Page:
The GetFive Blog

Most Important Developments in HR for November 2nd

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The horrific attack on the Tree of Life synagogue this week broke our hearts. That, along with pipe bombs mailed to Democratic leaders and everyday headlines of racial violence and unrest, illustrates the hatred — racial, religious, gender-based, and political — that seems to be growing in our increasingly polarized country at an alarming rate. People are reeling because of it, and since they spend the bulk of their time at work, it's going to affect morale in the workplace. A recent study by Florida State University confirmed it. A workplace is a community, and communities come together in times like this. One way HR can help is to create a forum for employees to talk about how it's affecting them. Volunteering as a staff, doing something good for someone, can also bolster morale. The Washington Post

Like politicians, CEOs live in fear of saying the wrong thing in public. Just ask Elon Musk, Mark Zuckerberg and Jamie Dimon, all of whom have had to apologize after very public gaffes hit the Twitterverse and went viral. And everyone knows the cautionary tale of Papa John. Even offhand remarks can take a chief exec down, as Tony Hayward, BP's then-CEO, learned in 2010 after uttering just five words, "I want my life back," after the Deepwater Horizon oil spill. It's leading to the "terror of errors" syndrome, in which top execs are doing damage control even before they slip up. They're increasingly creating public personas, like Sheryl Sandberg, or aligning with an ethical mission, like Paul Polman of Unilever. The safest thing to do to safeguard both the CEO's career and the company's brand might be for HR to institute a no-Twitter policy for high-profile top execs. The Economist

How accurate and up-to-date are your job descriptions? If you haven't looked at them in a while, you might want to dust them off and ask employees if they reflect what they really do, day-to-day, on the job. This comes from the recent ruling by the 6th U.S. Circuit Court of Appeals in Gunter v. Bemis, a lawsuit an employee filed against his employer for violating the ADA when it fired him. In a nutshell, he was hurt on the job. The employer then fired him because he couldn't perform an essential job function. Yes I could, said the employee, with a little help, which coworkers said was the norm in the department. Had that been in the job description, he wouldn't have been fired. The court ruled with the employee. HR Dive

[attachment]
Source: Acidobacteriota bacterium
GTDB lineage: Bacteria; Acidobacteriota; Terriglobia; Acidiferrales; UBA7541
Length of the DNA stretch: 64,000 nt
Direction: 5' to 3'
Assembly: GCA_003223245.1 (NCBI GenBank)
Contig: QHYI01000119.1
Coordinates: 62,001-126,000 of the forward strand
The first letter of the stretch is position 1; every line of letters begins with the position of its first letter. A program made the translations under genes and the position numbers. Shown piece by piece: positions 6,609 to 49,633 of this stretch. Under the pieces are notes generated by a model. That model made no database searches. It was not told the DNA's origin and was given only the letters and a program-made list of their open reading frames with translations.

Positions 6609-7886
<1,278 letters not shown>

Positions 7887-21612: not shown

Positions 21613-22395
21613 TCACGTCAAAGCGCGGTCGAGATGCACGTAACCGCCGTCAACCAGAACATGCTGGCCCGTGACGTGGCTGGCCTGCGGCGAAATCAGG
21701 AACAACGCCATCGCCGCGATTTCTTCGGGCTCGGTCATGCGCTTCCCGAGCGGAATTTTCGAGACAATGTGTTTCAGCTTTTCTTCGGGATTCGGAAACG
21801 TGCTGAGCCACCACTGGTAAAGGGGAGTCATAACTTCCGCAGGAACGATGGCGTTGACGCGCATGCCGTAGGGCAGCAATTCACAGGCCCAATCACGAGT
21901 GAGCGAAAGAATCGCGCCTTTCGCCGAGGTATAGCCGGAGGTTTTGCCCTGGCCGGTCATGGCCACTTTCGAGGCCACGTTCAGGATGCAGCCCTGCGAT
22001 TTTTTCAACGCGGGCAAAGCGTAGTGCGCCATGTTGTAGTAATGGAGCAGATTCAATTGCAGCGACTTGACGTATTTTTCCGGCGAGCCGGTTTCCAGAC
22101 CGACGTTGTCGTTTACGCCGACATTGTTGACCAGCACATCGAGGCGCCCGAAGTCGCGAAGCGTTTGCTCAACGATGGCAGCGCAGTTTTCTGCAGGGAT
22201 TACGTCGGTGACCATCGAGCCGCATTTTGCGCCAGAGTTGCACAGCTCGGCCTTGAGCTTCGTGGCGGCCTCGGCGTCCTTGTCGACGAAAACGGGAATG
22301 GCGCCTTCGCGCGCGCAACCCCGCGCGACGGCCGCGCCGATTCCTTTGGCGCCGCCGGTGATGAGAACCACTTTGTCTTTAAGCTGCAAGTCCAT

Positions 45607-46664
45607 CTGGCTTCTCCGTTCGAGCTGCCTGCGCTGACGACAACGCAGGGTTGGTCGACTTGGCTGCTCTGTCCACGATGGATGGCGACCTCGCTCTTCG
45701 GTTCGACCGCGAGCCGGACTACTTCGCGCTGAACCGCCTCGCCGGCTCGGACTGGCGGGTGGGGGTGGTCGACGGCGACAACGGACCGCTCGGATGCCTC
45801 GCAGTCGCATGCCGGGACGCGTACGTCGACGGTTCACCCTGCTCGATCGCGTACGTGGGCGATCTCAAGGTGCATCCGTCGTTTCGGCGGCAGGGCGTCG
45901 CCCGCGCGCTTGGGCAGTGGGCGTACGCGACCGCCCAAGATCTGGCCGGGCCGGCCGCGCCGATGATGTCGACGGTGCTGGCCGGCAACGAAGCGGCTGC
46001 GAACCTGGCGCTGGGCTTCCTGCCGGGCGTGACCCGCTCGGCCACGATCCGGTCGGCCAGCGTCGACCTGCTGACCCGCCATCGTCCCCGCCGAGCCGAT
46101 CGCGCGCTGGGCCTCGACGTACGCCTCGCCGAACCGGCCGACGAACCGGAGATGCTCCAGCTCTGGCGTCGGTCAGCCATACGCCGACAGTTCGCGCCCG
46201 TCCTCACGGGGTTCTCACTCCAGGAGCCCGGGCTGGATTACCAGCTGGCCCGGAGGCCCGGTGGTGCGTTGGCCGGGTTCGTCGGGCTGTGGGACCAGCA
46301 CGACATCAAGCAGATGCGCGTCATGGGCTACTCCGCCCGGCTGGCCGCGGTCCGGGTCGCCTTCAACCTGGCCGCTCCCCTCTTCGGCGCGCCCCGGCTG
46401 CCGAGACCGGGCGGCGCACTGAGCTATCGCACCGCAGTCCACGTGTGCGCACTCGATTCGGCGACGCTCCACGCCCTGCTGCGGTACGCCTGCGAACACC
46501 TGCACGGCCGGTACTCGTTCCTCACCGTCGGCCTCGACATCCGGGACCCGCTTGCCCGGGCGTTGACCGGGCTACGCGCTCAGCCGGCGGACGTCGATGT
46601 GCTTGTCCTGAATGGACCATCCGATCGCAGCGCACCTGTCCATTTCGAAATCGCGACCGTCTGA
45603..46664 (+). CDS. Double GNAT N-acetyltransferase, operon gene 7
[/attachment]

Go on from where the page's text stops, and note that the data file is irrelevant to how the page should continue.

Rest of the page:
Just when you're getting used to managing millennials, Gen Z is looming on the horizon. Who are these kids and how do they differ from their avocado-toast-eating, man-bun-wearing predecessors? Jonah Stillman can help you out with that. He recently wrote a book, Gen Z @ Work, that grew out of a research paper he wrote in high school. This kid is all of 19 years old. He studied his generation, did surveys of high school students and even studied global trends. He is now advising companies on how his generation will fit into the workplace. Clients include 3M, Deloitte, Fannie Mae, LinkedIn, Intuit and others. His findings are solid gold info for HR, especially recruiters. The basics: Gen Z is anyone born after 1997. They are digital natives who grew up in a post-9/11 world in the middle of a recession. Very different animals from the (some say) entitled millennials who preceded them. CNBC

When a salesperson is stuck in traffic, chances are he or she has sent a text or emailed a customer. Making business calls behind the wheel is commonplace. But doing so could set your company up for a lawsuit. As with most things legal, there are tangles, but generally, any time an employee is making a work-related call, text or email behind the wheel, whether it's in his or her own vehicle, a company vehicle, during work hours or off hours, the employer could be liable for damages if the employee causes an accident because of distracted driving. What can HR do about it? Craft realistic policies about device use behind the wheel. Banning it altogether will ensure certain people will violate it. Hands-free only, or equipping everyone with headsets that sync to their phones, might be a good solution. SHRM

Just before hundreds of engineers at Google staged a walkout because of how the company has handled sexual harassment allegations against top execs (namely, quietly showing them the door with huge severance packages), Rich DeVaul, a director at Alphabet's lab that comes up with futuristic projects, has left the company because of sexual harassment claims. He did not receive a payout, however. CEO Sundar Pichai apologized to employees, saying Google hasn't done enough to assure workers it takes sexual harassment seriously and that he's fully committed to making progress. He also expressed support for the walkout and made sure managers were aware. Bloomberg

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